Justine Henin

Fate and Ferrer slam the door on Rafa

There may be tears on Rod Laver Arena tomorrow if drama queen Vera Zvonareva loses her Australian Open semi-final against Kim Clijsters. But today I was the one weeping into my coffee as Rafael Nadal lost his battle with illness, injury and fellow Spaniard David Ferrer. The No. 1 seed went down 6-4, 6-2, 6-3 in their quarter-final, ending hopes of a Rafa Slam in 2011.

After all the copious sweating and shirt-changing during Saturday’s encounter with Bernard Tomic, Nadal fans prayed that his physical problems at this year’s event were over. I even entertained a hope that loquacious BBC commentator Andrew Cotter might get his tiny mind off the “puddle of sweat” and actually talk about the tennis. Fat chance. After taking 20 minutes to play just two games, it became clear that Nadal was in trouble — and not just because 7th seed Ferrer had an aggressive game plan to keep the points short and Rafa on the ropes.

Rafa left the court for an injury time out after three games. It was distressing for his millions of fans and, I imagine, pretty galling for Ferrer. In decades past, players either limped on or defaulted immediately. There was none of this cloak and dagger stuff, with people disappearing off to the dressing rooms while their opponents are forced to stand around on the sidelines. Within minutes Rod Laver Arena was buzzing with speculation, rumour and counter-rumour about the cause of Rafa’s distress.

I applaud Rafa’s decision to play on to the bitter end, and he has done his best to deflect the inevitable questions in his post-match face-off with the press. But when you’re the World’s No. 1 tennis player and gleaming torso of the moment for Emporio Armani briefs and jeans, people will just carry on talking and looking and speculating.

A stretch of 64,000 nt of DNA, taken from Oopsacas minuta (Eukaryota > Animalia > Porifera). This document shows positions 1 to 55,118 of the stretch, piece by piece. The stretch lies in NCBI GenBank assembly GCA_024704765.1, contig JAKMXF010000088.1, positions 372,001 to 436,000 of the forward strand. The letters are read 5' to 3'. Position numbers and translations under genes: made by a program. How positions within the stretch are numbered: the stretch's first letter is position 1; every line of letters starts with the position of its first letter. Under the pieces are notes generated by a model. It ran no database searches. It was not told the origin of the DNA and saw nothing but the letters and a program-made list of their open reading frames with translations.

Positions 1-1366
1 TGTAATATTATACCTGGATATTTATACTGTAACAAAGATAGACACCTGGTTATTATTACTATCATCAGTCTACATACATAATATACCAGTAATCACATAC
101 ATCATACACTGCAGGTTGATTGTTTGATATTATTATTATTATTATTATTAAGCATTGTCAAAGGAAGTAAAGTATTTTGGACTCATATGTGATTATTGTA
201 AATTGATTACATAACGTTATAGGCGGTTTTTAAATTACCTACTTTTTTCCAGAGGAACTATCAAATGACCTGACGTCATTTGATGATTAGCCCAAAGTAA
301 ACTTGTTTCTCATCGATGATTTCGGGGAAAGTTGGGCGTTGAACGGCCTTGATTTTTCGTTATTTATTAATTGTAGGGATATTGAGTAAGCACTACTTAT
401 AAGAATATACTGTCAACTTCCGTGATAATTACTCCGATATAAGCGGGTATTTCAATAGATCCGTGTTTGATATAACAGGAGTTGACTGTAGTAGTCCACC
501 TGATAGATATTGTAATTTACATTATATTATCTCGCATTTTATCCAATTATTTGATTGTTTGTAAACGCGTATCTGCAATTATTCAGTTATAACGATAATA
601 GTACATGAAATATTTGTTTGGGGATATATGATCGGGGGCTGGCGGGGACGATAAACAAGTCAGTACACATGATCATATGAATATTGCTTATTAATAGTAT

It’s only 12 months since Nadal’s last premature exit from this tournament. In 2010 injury forced him to retire at the same stage during his match against Andy Murray. Obituaries were penned then for the Spaniard as they have been every time he gets injured. What else are columnists going to write about? Steve Tignor writes eloquently today of how it’s Nadal’s fragility that makes him so appealing and compelling to his many fans: “More than any other legendary athlete I can think of, even as he’s winning, he holds out the possibility of disaster. He plays matches on razor’s edges and always seems one lunge away from his next injury.”

Until the French Open rolls around in May I’ll be keeping my fingers crossed for yet another Rafa revival and, of course, thanking Emporio Armani for finding a man to more than adequately fill Cristiano Ronaldo’s briefs.

Andy Murray delivered the right result for all his supporters and for those commentators who think that the name Alexandr Dolgopolov is just too hard to get your tongue round at this late stage of the tournament. (Does anyone else remember Slobodan Zivojinovic?) Dolgopolov eventually lost in four sets, and his tennis was a lot more pleasing to the eye than the Alice band he wears on court. This was not a good look on Ronnie O’Sullivan or David Beckham, either.

Though Nadal and Dolgopolov will be back to fight another day, there was sad news of a former Australian Open champion who is now hanging up her racquet. Justine Henin, who enjoyed such a successful return from her first retirement by reaching last year’s final, has decided to quit — for good.

The Henin backhand (pic Glenn Thomas)

When you sit through a Grand Slam these days there are always enough medical dramas to fill a whole season of Grey’s Anatomy. So when Henin fell on her elbow during her match with Clijsters at Wimbledon 2010, it didn’t look that serious to me. But now it really is the end for the most stylish player in the women’s game. She’ll never get the chance to win Wimbledon and set the seal on what was a glittering career. Still, Justine can be proud of the contribution she and Kim have made to nullifying that “name a famous Belgian” gag.

Let’s hope that somewhere out there is another one-handed backhand that can stand up to the rigours of the modern game. If its owner also happens to look like a cross between Maria Sharapova and Anna Kournikova, I’m sure the sponsors will be lining up from here to Moscow.

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